Angel’s Envy, Psalm 41 and Adam Wood

I’m not much for reading the Daily Office.

Well, truth be known, I’ve never read the Daily Office.
That is, until today.

There is a lot to be said for observing the Daily Office,
with its set readings,
days of remembrance and commemoration,
and prayers.

And I guess it was the remembrance and commemoration
that led me to turn to those texts this morning.

You see, this is a day of sad and tragic remembrance
for me and my family.

And I thought that maybe the Daily Office
would have something for me this morning.
Something to hold me,
bring me comfort,
maybe even hope.

It didn’t.

There are two psalms set for Morning Prayer today.

The second one is Psalm 52 and if that was all,
I would have got my fix of counter-imperial imagination
in the psalmist’s deconstruction of the deceit of the rich.
Go read it and think about every imperial regime
you know of, and let your thoughts go south of the border
for a minute and you’ll see what I mean.

Yep, Psalm 52 could have stirred up some
righteous (or is that self-righteous?) indignation.
Maybe enough to let go of the sorrow
that weighs over this day for me.

But that was the second psalm.
The first was Psalm 41.

The psalmist begins,
“Happy are those who consider the poor.”

Amen to that.
Because “the Lord protects them
and keeps them alive.”

And I’m stopped in my tracks.

You see, this is a day of deeply sad
remembrance for me,
because two years ago today,
in the Dene town of La Loche, Saskatchewan,
my friend Adam Wood was murdered.

Adam considered the poor,
but the Lord did not protect him or keep him alive.

Now friends, I’m not much into the
interventionist God.
I don’t view God’s sovereignty
in terms of some kind of pious determinism.
And that means that I don’t
immediately blame God when bad stuff happens.

I haven’t been crying out since Adam’s death,
“why did it have to be Adam?”
I haven’t been angry at God
for not intervening when a shotgun-wielding young man
walked into the LaLoche High School
and killed my friend.

No, I’ve followed the lead of Adam’s family
and insisted that the tragedy of Adam’s death
is part of the tragedy of Dene youth,
part of the tragedy of the loss of hope in their communities,
part of the tragedy of the residential schools,
the 60’s scoop, the failed reservations,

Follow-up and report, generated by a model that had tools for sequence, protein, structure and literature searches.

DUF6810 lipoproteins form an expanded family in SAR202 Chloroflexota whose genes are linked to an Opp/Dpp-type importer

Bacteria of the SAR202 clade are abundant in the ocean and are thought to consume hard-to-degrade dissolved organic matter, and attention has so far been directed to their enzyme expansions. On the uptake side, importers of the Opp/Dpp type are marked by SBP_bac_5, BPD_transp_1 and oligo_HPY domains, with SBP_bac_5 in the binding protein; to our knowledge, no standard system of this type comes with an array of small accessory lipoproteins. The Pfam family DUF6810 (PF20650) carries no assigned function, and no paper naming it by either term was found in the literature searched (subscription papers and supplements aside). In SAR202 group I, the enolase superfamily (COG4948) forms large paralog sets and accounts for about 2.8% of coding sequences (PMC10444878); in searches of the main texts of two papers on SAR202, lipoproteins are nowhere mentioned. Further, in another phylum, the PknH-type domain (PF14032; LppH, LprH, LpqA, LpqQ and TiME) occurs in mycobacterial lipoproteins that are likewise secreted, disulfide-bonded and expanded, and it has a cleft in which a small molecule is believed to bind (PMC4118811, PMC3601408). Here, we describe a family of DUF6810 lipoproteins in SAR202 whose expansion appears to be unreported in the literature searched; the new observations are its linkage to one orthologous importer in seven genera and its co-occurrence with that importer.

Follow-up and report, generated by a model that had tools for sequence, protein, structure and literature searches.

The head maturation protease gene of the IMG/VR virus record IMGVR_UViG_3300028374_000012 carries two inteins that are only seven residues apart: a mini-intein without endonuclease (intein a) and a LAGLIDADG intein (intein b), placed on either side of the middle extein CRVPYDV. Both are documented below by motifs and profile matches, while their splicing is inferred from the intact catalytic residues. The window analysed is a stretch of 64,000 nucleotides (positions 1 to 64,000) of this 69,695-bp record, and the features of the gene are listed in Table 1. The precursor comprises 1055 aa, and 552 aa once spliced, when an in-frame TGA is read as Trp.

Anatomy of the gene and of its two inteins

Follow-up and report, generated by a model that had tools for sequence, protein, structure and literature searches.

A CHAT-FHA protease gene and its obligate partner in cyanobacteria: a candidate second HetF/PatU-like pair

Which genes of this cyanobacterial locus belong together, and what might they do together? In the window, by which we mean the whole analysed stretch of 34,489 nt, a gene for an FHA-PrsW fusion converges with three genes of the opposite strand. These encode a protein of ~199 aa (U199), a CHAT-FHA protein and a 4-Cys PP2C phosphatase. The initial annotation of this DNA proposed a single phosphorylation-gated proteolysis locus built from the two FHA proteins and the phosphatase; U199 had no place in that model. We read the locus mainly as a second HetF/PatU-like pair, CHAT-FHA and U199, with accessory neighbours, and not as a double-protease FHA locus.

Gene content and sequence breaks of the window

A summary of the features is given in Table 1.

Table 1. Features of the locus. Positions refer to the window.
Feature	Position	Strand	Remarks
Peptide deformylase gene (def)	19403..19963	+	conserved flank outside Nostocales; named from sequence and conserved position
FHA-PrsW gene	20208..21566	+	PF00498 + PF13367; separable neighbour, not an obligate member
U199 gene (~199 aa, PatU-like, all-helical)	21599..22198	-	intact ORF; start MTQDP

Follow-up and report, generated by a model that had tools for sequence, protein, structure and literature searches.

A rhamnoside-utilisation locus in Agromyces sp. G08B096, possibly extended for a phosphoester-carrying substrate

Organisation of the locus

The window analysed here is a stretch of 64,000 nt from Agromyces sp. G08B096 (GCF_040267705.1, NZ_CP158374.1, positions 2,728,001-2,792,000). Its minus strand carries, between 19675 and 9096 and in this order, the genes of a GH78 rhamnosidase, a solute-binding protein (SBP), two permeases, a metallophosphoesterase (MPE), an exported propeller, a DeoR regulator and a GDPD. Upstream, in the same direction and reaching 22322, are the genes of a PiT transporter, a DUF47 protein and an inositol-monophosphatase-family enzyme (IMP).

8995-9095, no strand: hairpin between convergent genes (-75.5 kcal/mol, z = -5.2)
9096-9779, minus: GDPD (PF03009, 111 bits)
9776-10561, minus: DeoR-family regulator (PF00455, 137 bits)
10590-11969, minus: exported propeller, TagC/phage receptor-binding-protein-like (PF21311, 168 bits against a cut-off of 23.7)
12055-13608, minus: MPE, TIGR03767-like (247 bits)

and the genocidal dynamics of colonialism.

Adam’s death made all of this personal for me.
My friend got caught in the cross-fire (literally)
of terrible and willful historical wrongs
inflicted upon Indigenous Peoples in this country.

And yet.

Today, when I go to the psalms for comfort,
I read that those who consider the poor
“are called happy in the land.”

Adam was a deeply happy man,
and profoundly happy in the land.
But no more.

“The Lord sustains them on their sickbed,
in their illness you heal all their infirmities.”
Not Adam’s wounds.

And so I’ve been sitting with this all day.
A deep spiritual hurt and disappointment
has been smouldering in my soul.

I’ve saved a glass of Angel’s Envy bourbon
for this evening.

When Adam lived with us at Russet House Farm
he went to hear Wendell Berry in Kentucky,
and he brought back my first bottle of Angel’s Envy.
Over the months, we would sip it in small portions together.

And tonight, with a little glass of Angel’s Envy in my hand,
I return to Psalm 41.

Things look a little different.

You see, the psalmist complains that,
“All who hate me whisper together about me;
they imagine the worst for me.”

Well that is simply not true of Adam.
Anyone who knew my friend,
could only imagine the best for him and of him.

The psalmist says that his enemies
“think that a deadly thing has fastened on me,
that I will not rise again from where I lie.”

Well, Adam’s assailant wasn’t his enemy.
And while a deadly thing did indeed fasten on my friend,
we buried Adam in the sure hope that he will indeed
rise again from where he lies.

And the psalmist then confesses,
“By this I know that you are pleased with me;
because my enemy has not triumphed over me.
But you have upheld me because of my integrity,
and set me in your presence forever.”

A deeply disturbed and broken young man
shot Adam Wood.
But I will confess with the psalmist
that God was pleased with my brother Adam.

As hard as it is for me to feel this in my continued grief,
as hard as it is to confess this in light of God
not saving my friend’s life,
I confess, indeed I proclaim,
that God honours this man of integrity,
and that Adam is beloved of God,
set in the divine presence forever.

Angel’s Envy.
A good bourbon to drink in honour of Adam Wood.

Angel’s Envy.
Who knows,
maybe the angels envy.
Maybe the angels envy my friend, Adam Wood.

You see, not even the angels meet that kind of integrity everyday.


Brian Walsh
Brian is an activist theologian and the CRC Campus Minister at the University of Toronto. He engages issues of theology and culture, and has written a couple of books you might want to check out. His most recent offering is entitled Kicking at the Darkness: Bruce Cockburn and the Christian Imagination.

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